UNZ.org - Periodicals, Books, and Authors
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Q: What is UNZ.org?

A: The UNZ.org website is intended to provide convenient access to a large quantity of high-quality content material, mostly published over the last 150 years in America and England, including both articles and books, encompassing over one million readable items and titles of another million items not readable due to copyright. Much of this material has never previously been available anywhere on the Internet and should be useful for researchers and intellectual historians.

Q: Why do you include non-readable articles and books?

A: The inclusion of the copyright-excluded material allows users to examine a more nearly complete collection of a given author's writings, even if many of the particular items themselves are currently unavailable due to copyright. If necessary, many of these other items can often be accessed and read on other websites or content systems, especially in the case of extent publications. Furthermore, there is a chance that at some future point these publications will be released for reading on this website as well.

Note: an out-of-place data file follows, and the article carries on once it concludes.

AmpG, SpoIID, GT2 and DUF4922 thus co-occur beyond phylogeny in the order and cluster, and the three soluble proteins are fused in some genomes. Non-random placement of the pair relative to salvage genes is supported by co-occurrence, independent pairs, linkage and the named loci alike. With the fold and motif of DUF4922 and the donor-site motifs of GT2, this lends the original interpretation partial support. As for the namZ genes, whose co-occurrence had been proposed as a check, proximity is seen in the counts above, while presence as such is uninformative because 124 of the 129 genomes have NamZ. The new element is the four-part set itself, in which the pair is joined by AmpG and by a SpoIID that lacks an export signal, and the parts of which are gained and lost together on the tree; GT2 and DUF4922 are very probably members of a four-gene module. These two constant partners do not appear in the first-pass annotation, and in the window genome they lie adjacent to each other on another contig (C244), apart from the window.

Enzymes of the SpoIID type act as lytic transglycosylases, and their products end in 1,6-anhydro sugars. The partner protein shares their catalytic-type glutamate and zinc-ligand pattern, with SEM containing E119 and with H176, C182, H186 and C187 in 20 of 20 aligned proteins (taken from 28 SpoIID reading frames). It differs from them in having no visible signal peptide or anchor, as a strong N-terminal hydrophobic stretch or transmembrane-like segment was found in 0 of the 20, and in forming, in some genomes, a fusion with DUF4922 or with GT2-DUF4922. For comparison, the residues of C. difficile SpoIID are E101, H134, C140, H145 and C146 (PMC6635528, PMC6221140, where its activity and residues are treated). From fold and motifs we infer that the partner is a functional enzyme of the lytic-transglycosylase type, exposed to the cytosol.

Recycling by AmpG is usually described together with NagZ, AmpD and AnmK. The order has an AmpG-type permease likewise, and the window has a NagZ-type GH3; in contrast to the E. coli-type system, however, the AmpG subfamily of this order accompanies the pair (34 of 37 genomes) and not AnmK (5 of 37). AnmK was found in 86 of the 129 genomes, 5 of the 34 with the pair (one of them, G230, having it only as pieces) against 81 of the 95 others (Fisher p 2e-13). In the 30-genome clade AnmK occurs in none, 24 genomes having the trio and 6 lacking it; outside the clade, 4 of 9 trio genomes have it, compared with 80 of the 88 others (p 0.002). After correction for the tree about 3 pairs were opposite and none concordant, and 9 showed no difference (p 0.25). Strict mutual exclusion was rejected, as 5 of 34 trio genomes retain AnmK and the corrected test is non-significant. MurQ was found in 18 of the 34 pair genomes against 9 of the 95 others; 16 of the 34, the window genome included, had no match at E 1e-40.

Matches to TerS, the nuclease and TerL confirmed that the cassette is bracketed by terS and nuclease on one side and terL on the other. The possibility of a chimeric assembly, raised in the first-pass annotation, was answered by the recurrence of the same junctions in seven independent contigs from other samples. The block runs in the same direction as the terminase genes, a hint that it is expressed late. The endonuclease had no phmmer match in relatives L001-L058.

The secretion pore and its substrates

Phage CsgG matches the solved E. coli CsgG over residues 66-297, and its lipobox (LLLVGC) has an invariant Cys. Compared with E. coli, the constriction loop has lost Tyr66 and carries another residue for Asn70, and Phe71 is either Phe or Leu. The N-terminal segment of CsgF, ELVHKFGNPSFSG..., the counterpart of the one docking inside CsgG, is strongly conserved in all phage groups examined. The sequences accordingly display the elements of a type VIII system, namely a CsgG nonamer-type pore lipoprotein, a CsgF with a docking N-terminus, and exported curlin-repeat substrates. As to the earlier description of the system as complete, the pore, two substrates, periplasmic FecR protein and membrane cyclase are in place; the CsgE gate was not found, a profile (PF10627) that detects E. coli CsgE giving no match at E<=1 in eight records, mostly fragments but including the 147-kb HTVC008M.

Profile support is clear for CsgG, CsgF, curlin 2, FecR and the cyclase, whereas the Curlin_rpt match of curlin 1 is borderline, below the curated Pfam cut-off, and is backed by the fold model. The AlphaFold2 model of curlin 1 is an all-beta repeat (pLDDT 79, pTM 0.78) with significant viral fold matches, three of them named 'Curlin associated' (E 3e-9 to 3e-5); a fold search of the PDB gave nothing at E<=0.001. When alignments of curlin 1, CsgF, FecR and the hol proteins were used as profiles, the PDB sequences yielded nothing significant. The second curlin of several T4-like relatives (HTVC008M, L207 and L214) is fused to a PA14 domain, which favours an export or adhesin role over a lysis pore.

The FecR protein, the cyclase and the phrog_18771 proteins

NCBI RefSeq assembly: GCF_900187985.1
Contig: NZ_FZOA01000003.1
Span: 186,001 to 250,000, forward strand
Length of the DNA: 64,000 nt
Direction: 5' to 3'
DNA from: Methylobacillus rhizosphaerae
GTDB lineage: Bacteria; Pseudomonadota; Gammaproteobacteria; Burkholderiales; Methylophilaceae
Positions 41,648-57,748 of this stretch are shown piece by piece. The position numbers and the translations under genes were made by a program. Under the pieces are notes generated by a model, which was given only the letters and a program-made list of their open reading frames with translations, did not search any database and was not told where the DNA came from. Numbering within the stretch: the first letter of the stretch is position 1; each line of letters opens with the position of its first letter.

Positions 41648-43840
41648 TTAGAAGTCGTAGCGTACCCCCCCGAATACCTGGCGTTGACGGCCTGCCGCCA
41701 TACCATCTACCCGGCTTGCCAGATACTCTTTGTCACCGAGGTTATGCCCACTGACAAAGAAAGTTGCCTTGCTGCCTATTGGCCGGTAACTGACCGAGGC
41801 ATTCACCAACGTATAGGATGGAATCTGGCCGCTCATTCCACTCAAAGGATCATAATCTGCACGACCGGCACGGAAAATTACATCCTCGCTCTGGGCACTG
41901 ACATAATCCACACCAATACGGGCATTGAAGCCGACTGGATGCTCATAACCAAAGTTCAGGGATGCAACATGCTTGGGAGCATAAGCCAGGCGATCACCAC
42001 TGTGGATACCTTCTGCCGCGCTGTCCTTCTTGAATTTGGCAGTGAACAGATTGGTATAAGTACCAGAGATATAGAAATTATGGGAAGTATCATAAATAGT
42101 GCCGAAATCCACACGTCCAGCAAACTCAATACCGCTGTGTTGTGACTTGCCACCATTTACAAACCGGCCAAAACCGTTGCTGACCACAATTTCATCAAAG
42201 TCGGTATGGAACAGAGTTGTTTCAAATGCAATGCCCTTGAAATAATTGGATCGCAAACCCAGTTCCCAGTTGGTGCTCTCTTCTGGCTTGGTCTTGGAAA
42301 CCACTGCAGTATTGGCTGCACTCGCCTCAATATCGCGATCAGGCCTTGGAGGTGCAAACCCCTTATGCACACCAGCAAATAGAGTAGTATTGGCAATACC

Q: The website seems very different than when I previously visited. What's the story?

A: The current Version 2.0 release of UNZ.org incorporates major design changes from the previous version, but nearly all of the same underlying printed content is still available. Given the relatively slight use of the previous links to external videos and webzines, these portions have been removed, thereby streamlining access to the printed materials which constitute the main value of the system. Another major change has been the widespread use of Javascript, rendering most of the pages "reactive" as you begin entering information.

Q: How do I find a given author or publication?